Overclocking your CPU is a simple, effective way to squeeze more performance out of your processor. It can be a little risky, but PC builders and enthusiasts wear excellent overclocks like a badge of pride.
Unfortunately, you can’t overclock every processor, only certain models. Intel chips with a K at the end (Intel Core i7-8700K for example) have an unlocked multiplier. If your chip doesn’t have a K, you may still be able to overclock it, but only in rare cases. AMD FX and Ryzen chips are already unlocked, so most recent red team users can bump their speed a bit.
Before you start tinkering around under the hood, you should understand that overclocking your CPU is a bit more serious than installing some extra RAM or a new hard drive. It can damage your system’s components, and may void your warranty. Run a search for your specific CPU and get an idea for the clock speeds and voltages others are achieving. There are three elements that result in a high overclock: heat, power, and luck.
Overclocked CPUs create more heat than their stock speed counterparts, so we need extra cooling to keep our operating temperatures low. The better your cooling, the closer you can get to those scores you see online. Your included stock cooler won’t provide much cooling, but all-in-one liquid coolers are a cheap, simple way to stave off the heat.
The next factor is power management, and that’s not just the main source coming off your PSU. Advanced overclocking involves adjusting the voltage from the motherboard to the CPU itself, which is where things start to get risky. Raising the voltage too high can cause irreparable damage to the CPU and motherboard, and safe thresholds can vary across generations and motherboard manufacturers. If this is your first time overclocking, we recommend leaving these sliders alone, unless you’ve done your homework for your chip and motherboard.
Finally, you just need to be lucky. Processors are sold with speeds set below their actual potential, but that maximum speed can vary greatly, even among seemingly identical CPUs. Overclocking means playing what PC enthusiasts call the silicon lottery, and your chip may reach excellent speeds, or it might not be stable very far above stock speeds. It’s just a roll of the dice.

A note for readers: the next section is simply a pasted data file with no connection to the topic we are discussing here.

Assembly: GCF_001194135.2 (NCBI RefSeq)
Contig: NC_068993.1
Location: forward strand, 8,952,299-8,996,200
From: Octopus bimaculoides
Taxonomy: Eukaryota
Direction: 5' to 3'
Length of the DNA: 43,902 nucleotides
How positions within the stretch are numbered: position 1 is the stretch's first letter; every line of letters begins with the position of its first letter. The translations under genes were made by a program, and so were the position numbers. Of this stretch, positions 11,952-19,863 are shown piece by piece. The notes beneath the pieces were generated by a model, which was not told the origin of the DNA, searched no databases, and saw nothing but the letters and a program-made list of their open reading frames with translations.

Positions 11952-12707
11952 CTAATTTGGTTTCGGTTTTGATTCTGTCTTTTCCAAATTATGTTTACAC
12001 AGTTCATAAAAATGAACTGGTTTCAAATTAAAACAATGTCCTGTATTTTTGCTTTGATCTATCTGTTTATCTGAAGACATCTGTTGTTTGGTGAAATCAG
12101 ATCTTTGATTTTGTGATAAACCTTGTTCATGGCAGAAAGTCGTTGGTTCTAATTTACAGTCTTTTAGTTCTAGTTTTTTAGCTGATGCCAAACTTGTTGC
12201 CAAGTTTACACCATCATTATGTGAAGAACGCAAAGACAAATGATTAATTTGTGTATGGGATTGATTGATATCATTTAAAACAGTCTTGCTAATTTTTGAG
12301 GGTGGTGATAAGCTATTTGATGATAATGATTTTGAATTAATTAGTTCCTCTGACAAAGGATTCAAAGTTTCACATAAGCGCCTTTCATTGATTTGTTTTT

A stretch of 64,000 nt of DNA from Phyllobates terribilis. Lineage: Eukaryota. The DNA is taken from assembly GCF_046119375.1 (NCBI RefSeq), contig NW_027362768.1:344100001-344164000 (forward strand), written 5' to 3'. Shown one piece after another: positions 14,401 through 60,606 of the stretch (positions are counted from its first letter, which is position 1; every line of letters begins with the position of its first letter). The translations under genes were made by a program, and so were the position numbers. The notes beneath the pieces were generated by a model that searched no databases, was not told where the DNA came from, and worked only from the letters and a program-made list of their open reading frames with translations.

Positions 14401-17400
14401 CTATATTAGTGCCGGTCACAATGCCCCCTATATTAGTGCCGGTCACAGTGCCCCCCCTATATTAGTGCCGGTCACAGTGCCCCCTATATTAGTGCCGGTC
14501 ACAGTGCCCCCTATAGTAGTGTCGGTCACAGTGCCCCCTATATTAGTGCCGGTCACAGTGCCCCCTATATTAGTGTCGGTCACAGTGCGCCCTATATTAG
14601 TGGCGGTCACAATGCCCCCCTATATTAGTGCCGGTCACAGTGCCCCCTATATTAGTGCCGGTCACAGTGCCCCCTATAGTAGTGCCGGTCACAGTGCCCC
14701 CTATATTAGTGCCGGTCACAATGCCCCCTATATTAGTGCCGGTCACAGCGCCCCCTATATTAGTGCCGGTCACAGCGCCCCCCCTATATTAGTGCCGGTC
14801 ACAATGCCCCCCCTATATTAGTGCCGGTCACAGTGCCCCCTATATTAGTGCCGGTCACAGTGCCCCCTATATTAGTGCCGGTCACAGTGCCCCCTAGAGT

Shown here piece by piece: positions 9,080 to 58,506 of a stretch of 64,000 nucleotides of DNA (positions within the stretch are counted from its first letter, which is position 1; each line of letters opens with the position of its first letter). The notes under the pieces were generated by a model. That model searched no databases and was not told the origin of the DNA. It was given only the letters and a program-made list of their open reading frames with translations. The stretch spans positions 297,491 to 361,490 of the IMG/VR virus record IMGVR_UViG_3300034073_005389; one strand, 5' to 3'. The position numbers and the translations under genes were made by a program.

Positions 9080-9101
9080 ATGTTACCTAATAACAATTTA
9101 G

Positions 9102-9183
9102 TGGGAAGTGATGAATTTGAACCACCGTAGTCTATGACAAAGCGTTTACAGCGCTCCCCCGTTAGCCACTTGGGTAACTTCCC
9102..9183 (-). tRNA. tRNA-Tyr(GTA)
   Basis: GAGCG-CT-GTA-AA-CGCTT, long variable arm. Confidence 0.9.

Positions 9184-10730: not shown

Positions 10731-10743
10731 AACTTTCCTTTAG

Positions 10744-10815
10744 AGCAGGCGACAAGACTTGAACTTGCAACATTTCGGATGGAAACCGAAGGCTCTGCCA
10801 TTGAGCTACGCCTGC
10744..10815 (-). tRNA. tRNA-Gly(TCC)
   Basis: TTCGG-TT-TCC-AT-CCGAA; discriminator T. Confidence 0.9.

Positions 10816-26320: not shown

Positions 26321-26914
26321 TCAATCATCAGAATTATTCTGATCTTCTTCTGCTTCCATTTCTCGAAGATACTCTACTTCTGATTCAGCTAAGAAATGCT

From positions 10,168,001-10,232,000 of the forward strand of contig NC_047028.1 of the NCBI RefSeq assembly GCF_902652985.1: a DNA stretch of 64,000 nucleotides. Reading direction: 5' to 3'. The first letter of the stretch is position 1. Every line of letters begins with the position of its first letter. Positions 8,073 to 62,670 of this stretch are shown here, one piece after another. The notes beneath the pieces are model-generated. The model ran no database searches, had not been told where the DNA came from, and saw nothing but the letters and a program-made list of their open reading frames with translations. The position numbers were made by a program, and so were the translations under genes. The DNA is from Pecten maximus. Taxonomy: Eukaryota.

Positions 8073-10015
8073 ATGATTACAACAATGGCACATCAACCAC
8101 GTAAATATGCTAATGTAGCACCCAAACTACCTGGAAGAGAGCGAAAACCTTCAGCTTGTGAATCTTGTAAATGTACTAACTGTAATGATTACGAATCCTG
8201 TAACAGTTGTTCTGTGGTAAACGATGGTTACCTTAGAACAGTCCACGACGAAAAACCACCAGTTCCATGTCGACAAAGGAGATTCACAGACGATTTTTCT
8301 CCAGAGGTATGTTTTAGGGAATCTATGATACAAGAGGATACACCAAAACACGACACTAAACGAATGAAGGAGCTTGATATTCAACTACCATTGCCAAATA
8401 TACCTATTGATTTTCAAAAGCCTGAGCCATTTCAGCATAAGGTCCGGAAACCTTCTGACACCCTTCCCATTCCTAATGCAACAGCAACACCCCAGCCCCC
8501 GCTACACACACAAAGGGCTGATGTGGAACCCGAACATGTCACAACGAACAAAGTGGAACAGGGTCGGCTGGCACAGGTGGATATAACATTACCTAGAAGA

Most overclockers speed up their CPU through the BIOS. Your motherboard will have specific instructions for accessing the BIOS and configuring the exact settings, but there are some common terms to look for. Restart your system, and when the prompt appears, rapidly press the indicated button for the BIOS or UEFI, typically Delete or F2.
A lot of modern motherboard makers will have automatic tuning features built right in. Depending on the manufacturer, this may involve testing the CPU and using that info, or just reading speeds and voltages from a preset list. If your system runs the stress tests, you can usually trust it to do a good job. If it’s just reading from a list, stick to one of the lower settings, or set them yourself.
If you want to try it yourself, it’s best to take it slow, and test often. Your processor has a base speed, and a multiplier, which results in a clock speed. Increase the multiplier from its current state, up one time — 28X for 2.8GHz to 29X for 2.9GHz, for example. Any long, consistently CPU-intensive program will do the trick—a long Handbrake conversion, or the 7-Zip built-in benchmark. As long as the system doesn’t shut down or run into any issues, you can bump the clock speed a little higher and test again. Once you reach a point where it can’t complete its task, dial it back a little bit, and you’ve found your stable overclock.
If you don’t want to go digging around in the BIOS, you can try software overclocking. These applications make things even simpler, and are often intended for users who are new to overclocking. But they don’t have the best track record, and the overclocking community tends to prefer BIOS overclocking for its stability and control.
Intel users can check out the Intel Extreme Tuning Utility, which will help you through the process of stress testing your CPU and setting proper speeds and voltages. Again, this will only work with unlocked K or X series chips.
AMD Ryzen owners also have the option of adjusting their clock speeds through the Ryzen Master software. It boasts multiple profiles, automatic tuning, and presets for different operation modes. Older AMD FX series chips can use AMD OverDrive to achieve the same task.
Watch those temperatures
Make sure to use your cooler manufacturer’s software, or a third-party option, to continually monitor CPU and motherboard temperatures. If anything looks too high or abnormal, particularly under load, you might want to roll back your settings a bit. Overclocking issues can manifest in weird ways, so any odd shutdowns, program crashes, or errors may be the result of these changes.
If everything runs smoothly, then you’re all set. Once you feel comfortable with the speeds you’ve achieved, you can look into a new cooler to raise them further, or see what others suggest for possible voltages. Even so, that might just be the fastest your chip can run.